Power House was the perfect club for Eddie Nyary. For a young kid from the country, it had the right balance of football and social aspects that ticked every one of his boxes.
He started playing footy at the age of 10, for Mount Clear Football Club, before moving to East Ballarat Football Club and then to Rokewood, just south of Ballarat.
Eddie landed at Ross Gregory Oval at the start of the 2015 season after making the move to Melbourne to attend university.
It’s been a steady improvement for the House in recent years, culminating in a Division 3 Grand Final appearance last year.
Despite narrowly missing out on premiership success against UHS-VU, Eddie and his Power House teammates earnt promotion to Division 2 for the first time in nine years.
During this time, Eddie’s girlfriend Sally ‘Sal’ Werner watched proudly from the other side of the fence.
Witnessing the wins, losses and the challenges Eddie faced – physically pushing his body to the limit, his mental fortitude, the importance of comradery and the singing of the club song, Werner wanted in.
So, when Power House decided to field their first women’s team in the club’s 71-year history in the 2018 season, Sally was first on board.
And, this year, Werner joined the Power House committee – the first woman on board since 2002 and only the third in the club’s history.
“It’s pretty exciting. I didn’t realise there hadn’t been a woman involved for a while, so I’m even more proud to be representing the women’s team,” Sal said.
Sal explained that when she was nominated for the committee, she didn’t hesitate about joining.
“I didn’t think twice when Bucks (secretary Daniel Buckley) offered to nominate me.”
The Power House club motto is ‘Service without Recognition’ which seems to sit well with the 21-year-old, who has been eager to get involved since she moved to the big city.
“I have loved to volunteer since I was 12. I thought this would be a good opportunity to volunteer in Melbourne as I haven’t done as much as I really wanted to.”
But it’s not just off the field where Werner has flourished.
She has played a major part on the field, learning and developing her own game to ensure she plays a significant on-field role for the new Power House women’s team.
“As AFLW has happened, I’ve watched our friend Bianca play and I thought ‘why they hell not?”
And while her boyfriend Eddie has taken a step back from his playing aspect, he’s been fully supporting Werner’s on and off-field pursuits.
“He’s been determined to help my technique, kicking and handballing. He’ll be there on match days too, doing whatever he can.”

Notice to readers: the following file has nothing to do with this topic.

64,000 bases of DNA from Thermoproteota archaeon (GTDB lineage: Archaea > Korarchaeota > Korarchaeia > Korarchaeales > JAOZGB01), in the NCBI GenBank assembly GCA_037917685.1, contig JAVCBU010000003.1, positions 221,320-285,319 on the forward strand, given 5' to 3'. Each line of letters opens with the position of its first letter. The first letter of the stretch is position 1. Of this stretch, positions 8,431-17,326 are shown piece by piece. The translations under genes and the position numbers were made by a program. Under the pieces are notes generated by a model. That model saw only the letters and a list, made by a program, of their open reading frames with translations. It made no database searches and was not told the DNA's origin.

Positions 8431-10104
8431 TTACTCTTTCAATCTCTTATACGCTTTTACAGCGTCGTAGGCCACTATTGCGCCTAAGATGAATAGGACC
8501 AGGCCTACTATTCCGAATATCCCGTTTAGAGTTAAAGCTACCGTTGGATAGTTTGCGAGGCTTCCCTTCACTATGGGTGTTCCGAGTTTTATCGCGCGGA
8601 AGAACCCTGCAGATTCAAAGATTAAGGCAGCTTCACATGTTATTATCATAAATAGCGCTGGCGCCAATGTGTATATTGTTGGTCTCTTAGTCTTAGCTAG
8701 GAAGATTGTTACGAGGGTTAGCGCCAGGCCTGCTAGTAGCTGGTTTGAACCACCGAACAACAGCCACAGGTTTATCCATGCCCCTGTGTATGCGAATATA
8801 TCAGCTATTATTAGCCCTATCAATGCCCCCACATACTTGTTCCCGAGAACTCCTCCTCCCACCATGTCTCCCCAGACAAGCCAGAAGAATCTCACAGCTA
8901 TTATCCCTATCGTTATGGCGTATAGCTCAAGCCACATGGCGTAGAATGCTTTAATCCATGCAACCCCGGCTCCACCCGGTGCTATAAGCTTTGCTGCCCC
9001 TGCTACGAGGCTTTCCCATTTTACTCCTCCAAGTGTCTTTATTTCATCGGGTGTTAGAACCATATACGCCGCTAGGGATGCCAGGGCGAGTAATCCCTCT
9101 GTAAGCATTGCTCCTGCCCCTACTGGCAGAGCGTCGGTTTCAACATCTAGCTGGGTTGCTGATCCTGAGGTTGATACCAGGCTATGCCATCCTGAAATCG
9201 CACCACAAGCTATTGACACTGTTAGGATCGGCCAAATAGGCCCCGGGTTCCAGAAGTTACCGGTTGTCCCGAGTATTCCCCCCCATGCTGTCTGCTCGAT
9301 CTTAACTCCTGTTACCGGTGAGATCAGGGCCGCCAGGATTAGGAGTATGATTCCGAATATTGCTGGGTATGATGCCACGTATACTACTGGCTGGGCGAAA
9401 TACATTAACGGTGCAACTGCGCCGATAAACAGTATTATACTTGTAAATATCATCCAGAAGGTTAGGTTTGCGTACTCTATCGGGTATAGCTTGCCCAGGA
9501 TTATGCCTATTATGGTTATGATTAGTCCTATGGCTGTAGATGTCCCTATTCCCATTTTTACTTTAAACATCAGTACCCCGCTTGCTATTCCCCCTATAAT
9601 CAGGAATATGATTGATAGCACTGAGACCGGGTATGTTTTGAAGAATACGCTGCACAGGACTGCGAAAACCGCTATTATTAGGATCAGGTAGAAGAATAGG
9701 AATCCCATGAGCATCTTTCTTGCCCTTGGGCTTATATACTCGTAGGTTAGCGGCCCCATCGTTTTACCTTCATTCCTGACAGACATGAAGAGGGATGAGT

She then went on to explain how she already feels at home at the club and loves being surrounded by her new mates.
“I love how everyone is so kind, supporting each other and doing whatever is needed to help someone. It’s a very inclusive club.”
“Then there are other little things that are great, including the number of Irish accents around the club.”
Inaugural Power House Women’s Coach Phil Mackney explained that Werner was already a big part of the club, however, now that she is a key member of the women’s team, her opinions will change the club greatly.
“Being in a leadership role means that the club now benefits from her enthusiasm driving the club forward,” he said.
Mackney also praised Sal’s willingness to learn on the field.
“Sally is a fast learner, vocal, determined and above all a great team mate who encourages everyone.”
Boyfriend Eddie commented on Sal’s overall capability, explaining why her fashion industry jobs have helped her grow as a trailblazer.
“She’s shown a lot of initiative at her last job at Fila. In only nine months, she was teaching and leading planning sessions. That’s the type of attitude she’ll bring to Power House.”
Furthermore, Werner has played a key role in working with the club to design the training gear and the ladies jumper.
Sal chooses her words carefully when asked who is the better footballer between her and her boyfriend.
“Probably Eddie. I don’t know if I have that edge yet, but maybe as we get into games that edge will come out a bit more.”
But Eddie believes that Sal’s the one with the competitive gene.
“She grew up around board-games, which led to her competitiveness I think. She also grew up with two older brothers.”
But it’s that competitiveness that is helping her build a new era at Power House.
And now, her dream is becoming a reality.
She’s looking forward to standing arm in arm with her teammates after a hard-fought win, belting out the famous Power House war cry club song in the green, white and black, knowing that all her hard work has finally paid off.